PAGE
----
Jim Calhoun is gone.
For many, probably even most people outside Connecticut, that comes as great news. Coach Calhoun put little to no effort into winning people over.
That irked some people. A lot of people. He was not warm. He was not welcoming. He was not “the ol’ ball coach.” He was not interested in giving the right quote, shaking the right hand or smiling at the right camera. He never tried to say the right thing, and at times that got him in trouble.
We all remember the “not a dime back” speech. UConn fans recall the “Ryan Gomes” rant (NSFW). Forty years worth of referees are somewhere celebrating the departure of one of their biggest adversaries (to put it politely).
For people outside Connecticut, those examples of Jim Calhoun’s curmudgeonly nature are accurate illustrations of what he really is: a loud, miserable, abusive old man.
For people who are more familiar with Calhoun’s UConn program than just watching an occasional game on ESPN2 or seeing highlights on the overnight SportsCenter, those instances represent why we loved him, why we embraced him. He cared more about teaching boys how to be men and winning basketball games (or, simply put, doing his job) than how talking pinheads and wannabe pundits portrayed him.
It is impossible to put into words how little Jim Calhoun cares what you and I think of him. And people like Calhoun, who value achievement over the approval of others, drive us crazy. “Why is he so mean to his players?” “Why is he always yelling?” “How come he never just encourages his team?” What those questions really mean is, “Why doesn’t he do it how I think he should do it?”
Jim Calhoun came to Storrs, Connecticut and did his job.
He did his job better than almost everyone else does their job. He won and won and as soon as he was done defeating cancer three times, he won some more. He took a nonexistent, never-was of a program and created a juggernaut.
Like it or not, Calhoun and UConn are one of the most successful programs in the history of college basketball. And that drives people crazy because Calhoun is the antithesis of Mike Krzyzewski, or any other coach that thinks smiling for the camera is as important as actually being a basketball coach.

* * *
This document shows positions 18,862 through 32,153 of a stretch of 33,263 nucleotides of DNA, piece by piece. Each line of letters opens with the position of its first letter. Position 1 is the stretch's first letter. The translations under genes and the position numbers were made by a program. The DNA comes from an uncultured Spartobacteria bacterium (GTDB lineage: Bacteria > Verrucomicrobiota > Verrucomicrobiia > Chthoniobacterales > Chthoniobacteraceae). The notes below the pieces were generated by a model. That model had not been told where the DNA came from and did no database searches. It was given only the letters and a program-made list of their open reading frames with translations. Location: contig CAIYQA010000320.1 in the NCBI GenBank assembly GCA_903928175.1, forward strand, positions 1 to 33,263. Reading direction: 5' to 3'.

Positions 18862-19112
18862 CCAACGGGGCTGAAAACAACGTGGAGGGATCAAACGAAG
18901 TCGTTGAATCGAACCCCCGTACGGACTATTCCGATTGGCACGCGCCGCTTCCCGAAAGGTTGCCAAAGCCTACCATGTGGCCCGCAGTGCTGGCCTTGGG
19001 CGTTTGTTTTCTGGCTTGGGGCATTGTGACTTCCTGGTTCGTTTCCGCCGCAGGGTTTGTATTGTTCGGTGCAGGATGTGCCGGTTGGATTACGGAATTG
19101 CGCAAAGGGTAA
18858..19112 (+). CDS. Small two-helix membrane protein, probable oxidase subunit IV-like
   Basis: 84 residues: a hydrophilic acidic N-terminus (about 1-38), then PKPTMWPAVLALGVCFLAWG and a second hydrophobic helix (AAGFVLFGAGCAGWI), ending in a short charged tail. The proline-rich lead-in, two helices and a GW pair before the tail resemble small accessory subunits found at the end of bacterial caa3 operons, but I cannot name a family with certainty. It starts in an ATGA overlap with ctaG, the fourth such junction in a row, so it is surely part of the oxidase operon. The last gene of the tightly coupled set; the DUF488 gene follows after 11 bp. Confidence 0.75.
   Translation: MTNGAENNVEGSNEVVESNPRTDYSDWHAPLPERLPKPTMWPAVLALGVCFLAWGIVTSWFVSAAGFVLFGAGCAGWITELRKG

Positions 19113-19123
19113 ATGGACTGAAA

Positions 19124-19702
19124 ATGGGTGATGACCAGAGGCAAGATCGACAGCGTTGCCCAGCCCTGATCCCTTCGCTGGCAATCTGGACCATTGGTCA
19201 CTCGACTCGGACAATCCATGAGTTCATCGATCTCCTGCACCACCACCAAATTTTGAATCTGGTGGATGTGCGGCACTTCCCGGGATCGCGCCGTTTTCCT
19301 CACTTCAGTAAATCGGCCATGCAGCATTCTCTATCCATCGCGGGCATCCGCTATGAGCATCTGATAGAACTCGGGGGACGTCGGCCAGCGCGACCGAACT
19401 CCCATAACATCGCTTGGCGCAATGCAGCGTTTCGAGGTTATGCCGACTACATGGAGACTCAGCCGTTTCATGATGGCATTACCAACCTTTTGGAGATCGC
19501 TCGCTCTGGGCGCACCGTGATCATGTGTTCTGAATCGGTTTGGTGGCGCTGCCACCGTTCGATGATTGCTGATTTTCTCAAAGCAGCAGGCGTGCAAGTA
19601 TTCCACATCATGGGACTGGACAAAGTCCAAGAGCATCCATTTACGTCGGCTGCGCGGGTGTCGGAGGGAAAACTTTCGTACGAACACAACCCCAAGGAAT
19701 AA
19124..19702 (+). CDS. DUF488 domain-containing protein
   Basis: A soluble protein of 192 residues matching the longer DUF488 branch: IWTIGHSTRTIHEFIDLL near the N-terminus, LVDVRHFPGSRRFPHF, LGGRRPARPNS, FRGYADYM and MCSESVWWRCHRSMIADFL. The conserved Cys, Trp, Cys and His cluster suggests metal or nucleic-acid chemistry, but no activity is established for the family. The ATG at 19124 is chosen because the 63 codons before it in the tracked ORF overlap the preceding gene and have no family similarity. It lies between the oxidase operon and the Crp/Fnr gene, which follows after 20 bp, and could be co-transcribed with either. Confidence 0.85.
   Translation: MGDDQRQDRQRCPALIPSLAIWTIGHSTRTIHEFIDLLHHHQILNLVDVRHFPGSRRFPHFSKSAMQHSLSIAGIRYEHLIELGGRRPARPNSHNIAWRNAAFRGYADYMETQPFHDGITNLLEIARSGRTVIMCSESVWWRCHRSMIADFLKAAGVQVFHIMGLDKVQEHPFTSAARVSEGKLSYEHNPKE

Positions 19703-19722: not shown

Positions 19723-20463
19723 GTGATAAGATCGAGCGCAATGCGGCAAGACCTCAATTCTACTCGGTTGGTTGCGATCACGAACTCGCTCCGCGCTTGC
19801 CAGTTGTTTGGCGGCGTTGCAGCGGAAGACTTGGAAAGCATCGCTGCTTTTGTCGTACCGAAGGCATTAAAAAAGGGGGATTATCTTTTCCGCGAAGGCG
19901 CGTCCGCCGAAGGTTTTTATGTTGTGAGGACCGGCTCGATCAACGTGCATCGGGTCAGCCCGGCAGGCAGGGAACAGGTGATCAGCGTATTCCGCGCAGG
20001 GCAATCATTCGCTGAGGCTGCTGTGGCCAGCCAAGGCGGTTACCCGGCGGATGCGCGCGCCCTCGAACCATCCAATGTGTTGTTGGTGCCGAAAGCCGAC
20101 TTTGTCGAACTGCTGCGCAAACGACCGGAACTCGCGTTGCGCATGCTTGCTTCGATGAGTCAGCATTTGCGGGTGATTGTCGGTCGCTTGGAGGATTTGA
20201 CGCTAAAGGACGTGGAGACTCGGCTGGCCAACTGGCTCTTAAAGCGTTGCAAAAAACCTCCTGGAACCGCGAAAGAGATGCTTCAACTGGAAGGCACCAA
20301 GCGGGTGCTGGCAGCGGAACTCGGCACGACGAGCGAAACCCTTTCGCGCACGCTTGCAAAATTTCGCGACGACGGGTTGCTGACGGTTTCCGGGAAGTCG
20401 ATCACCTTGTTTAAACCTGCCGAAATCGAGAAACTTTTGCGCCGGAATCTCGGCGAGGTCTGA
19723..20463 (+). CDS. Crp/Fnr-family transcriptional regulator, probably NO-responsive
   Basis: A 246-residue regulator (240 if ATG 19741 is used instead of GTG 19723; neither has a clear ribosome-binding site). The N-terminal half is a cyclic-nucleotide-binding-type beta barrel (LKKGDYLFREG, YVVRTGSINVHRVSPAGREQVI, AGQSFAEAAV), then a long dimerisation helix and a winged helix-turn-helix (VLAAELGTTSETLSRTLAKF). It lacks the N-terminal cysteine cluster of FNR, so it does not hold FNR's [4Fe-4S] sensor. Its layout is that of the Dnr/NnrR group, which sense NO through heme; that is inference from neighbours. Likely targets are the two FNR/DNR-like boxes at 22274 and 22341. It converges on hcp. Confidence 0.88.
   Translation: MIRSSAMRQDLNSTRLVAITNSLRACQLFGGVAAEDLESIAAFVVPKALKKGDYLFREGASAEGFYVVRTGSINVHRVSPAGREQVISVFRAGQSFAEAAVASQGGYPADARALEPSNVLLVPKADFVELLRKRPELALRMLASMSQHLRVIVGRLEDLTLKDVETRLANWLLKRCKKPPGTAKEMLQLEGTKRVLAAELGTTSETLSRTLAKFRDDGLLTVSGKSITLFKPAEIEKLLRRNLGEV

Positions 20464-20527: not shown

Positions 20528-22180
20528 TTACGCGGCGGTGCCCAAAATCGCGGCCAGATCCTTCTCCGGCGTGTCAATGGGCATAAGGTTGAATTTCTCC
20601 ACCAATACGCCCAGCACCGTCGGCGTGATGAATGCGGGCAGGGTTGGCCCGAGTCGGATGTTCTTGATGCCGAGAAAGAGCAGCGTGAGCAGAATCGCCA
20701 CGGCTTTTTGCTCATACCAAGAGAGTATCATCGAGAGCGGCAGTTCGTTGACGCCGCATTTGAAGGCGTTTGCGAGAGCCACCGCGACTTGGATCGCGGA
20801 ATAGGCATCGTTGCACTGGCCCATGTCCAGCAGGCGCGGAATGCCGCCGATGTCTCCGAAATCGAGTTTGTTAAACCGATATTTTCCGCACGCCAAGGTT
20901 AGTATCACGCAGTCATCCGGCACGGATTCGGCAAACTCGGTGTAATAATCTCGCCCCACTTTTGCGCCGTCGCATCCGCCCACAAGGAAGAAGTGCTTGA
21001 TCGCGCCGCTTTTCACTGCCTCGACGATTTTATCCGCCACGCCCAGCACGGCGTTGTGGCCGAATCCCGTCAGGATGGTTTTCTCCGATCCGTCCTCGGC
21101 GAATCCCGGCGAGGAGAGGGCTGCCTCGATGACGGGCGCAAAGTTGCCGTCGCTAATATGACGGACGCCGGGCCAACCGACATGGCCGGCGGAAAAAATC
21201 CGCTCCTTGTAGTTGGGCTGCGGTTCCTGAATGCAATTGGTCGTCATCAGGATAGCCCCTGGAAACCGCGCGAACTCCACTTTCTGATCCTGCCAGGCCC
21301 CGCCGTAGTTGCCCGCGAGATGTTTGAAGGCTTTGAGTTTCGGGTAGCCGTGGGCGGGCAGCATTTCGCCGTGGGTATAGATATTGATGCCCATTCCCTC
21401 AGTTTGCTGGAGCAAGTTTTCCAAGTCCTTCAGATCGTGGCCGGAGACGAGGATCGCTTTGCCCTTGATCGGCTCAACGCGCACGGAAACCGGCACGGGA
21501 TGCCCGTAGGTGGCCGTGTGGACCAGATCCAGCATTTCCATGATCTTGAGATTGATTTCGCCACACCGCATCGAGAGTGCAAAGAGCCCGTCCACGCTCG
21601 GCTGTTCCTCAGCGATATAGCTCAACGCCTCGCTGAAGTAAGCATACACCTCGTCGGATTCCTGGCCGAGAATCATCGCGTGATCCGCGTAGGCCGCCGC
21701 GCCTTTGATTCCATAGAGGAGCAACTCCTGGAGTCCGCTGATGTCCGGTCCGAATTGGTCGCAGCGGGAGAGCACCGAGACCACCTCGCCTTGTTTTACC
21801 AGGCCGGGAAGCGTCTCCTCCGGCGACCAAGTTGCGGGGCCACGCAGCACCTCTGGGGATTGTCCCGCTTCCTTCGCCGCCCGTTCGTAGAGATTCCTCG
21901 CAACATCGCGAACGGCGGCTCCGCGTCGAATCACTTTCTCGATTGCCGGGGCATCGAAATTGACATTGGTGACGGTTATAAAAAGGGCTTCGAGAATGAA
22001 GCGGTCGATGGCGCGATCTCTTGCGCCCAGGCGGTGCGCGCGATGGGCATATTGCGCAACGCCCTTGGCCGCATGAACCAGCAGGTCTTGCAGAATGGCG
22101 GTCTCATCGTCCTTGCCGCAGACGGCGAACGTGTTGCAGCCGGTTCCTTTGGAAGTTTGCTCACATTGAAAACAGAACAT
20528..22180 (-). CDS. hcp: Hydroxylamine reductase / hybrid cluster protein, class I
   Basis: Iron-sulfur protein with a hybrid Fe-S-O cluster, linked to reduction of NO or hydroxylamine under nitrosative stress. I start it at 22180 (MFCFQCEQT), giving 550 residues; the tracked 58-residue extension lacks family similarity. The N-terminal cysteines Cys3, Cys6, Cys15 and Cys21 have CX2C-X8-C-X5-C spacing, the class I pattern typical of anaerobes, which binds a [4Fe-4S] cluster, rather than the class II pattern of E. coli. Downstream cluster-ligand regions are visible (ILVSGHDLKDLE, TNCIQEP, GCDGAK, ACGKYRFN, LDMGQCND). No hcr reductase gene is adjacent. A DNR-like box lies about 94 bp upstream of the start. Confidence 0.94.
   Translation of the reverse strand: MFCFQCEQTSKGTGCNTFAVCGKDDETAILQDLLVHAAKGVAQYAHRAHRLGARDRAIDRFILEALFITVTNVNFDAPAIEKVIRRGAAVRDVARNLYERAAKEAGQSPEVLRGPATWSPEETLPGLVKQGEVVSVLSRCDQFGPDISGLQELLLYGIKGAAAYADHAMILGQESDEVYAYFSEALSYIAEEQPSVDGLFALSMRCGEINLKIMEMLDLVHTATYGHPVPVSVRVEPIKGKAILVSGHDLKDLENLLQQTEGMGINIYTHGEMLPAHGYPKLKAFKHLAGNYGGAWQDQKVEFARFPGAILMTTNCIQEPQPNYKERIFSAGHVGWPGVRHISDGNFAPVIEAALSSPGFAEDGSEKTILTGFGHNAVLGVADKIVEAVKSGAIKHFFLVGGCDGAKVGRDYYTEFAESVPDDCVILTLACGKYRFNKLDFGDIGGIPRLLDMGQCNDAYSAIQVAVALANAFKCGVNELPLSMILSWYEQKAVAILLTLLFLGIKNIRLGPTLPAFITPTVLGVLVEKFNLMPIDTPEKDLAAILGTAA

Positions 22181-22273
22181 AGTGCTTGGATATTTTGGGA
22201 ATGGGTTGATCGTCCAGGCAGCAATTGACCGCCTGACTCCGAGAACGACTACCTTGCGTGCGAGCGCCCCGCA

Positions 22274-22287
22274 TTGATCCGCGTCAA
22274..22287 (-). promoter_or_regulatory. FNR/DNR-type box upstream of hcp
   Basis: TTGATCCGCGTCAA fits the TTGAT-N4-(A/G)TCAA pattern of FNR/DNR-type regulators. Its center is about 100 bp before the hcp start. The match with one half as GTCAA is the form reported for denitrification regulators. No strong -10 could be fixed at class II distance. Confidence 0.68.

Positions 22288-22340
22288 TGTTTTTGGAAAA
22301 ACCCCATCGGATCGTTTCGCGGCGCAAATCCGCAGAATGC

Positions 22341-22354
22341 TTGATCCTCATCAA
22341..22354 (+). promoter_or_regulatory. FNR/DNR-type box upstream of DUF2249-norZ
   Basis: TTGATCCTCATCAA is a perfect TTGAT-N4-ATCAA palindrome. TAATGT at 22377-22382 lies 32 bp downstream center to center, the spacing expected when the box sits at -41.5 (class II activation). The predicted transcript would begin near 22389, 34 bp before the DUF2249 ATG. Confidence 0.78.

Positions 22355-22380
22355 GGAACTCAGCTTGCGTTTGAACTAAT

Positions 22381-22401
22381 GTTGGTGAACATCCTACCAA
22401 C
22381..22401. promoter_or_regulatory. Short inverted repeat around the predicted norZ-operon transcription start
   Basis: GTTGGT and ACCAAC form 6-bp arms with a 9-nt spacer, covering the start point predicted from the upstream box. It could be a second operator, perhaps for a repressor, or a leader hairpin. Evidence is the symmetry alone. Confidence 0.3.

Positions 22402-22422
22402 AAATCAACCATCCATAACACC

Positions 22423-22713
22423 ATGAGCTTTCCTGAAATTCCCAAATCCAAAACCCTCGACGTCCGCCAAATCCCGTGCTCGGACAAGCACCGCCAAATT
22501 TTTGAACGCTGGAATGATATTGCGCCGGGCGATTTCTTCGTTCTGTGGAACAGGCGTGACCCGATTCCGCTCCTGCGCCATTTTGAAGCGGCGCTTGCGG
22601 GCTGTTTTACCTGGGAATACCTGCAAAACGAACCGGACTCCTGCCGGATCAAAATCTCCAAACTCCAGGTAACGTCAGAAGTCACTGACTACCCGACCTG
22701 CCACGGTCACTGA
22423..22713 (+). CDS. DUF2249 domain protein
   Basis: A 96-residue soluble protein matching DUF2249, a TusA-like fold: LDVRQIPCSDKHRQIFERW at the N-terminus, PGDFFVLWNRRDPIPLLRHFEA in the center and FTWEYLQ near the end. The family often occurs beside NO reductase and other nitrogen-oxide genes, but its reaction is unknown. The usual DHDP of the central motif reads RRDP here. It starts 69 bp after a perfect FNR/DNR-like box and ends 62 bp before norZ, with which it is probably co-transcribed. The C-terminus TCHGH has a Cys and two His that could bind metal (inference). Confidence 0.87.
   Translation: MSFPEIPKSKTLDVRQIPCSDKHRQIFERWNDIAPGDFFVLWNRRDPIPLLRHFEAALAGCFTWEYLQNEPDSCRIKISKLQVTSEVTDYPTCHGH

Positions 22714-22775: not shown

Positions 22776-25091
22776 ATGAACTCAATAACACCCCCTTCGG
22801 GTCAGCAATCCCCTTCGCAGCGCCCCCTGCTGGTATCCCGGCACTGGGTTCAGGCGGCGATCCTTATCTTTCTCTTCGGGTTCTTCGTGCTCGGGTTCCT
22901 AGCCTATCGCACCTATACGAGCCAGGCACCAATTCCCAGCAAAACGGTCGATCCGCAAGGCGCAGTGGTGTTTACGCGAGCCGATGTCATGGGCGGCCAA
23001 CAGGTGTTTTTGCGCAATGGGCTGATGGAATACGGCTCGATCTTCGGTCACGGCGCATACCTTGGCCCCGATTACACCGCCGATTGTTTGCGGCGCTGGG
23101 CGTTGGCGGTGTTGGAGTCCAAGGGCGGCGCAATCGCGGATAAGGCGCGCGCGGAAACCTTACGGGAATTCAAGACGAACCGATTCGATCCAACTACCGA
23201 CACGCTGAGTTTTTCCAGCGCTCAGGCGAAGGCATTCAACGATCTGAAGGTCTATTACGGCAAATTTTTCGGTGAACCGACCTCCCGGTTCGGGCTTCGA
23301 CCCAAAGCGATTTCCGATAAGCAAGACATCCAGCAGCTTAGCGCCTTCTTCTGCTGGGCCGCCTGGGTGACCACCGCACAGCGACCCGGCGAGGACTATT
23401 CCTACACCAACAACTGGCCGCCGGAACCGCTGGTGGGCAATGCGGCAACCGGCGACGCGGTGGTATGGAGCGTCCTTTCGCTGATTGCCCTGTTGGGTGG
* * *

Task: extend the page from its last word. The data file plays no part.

We want guys who put effort into appeasing us—guys who say what we want to hear. It’s why Derek Jeter is a “class act.” He hasn’t had an original thought or opinion since he was called up to the big leagues. He says what he’s “supposed” to say after every game, every day, year after year. It’s why Coach K is the face of our Olympic team. It’s why Bill Belichick is looked at as a scumbag, but Tony Dungy is considered mentor.
Coach Calhoun did his job, and then some. On top of being a Hall of Fame coach, he has been a leading fundraiser and community activist in Connecticut for more than a quarter century. Because of his generous giving, an entire cardiology center at a major state hospital bears his name and that of his wife, Pat. Every year he hosts a charity bike ride, which will continue next year as Coach passes 70 years of age.
Every two years, Calhoun hosts a UConn alumni game (again, for charity) at which dozens of former players—who come, literally, from all over the world—show up and play like giddy kids let out for recess. They do so because they love their coach.
And that affection is the true indicator of Calhoun’s greatness.
Put aside the 873 victories (sixth all-time). Ask former UConn star Caron Butler—a young man who grew up fatherless and spent much of his childhood in juvenile facilities—what Calhoun means to him. See how Butler mentions basketball only after gushing about how Calhoun became a father figure to him. How Calhoun taught him to be a man. How Butler tears up when talking about how hard it was to leave UConn after two seasons because Calhoun and the UConn program had changed his life.
I’ve never heard of a scumbag having such a positive, lasting impact on so many young men. And, really, what more is there for a basketball coach to accomplish?
Jim Calhoun was a college basketball coach. He retired with 873 career victories and three national championships. He put 27 players into the NBA. He transformed a basketball program, a university campus and the lives of countless young men.
Success can be measured by the positive impact we have on our surroundings. The state of Connecticut and the UConn family were fortunate enough to witness one of the most successful careers of all time.
Thank you, Coach Calhoun.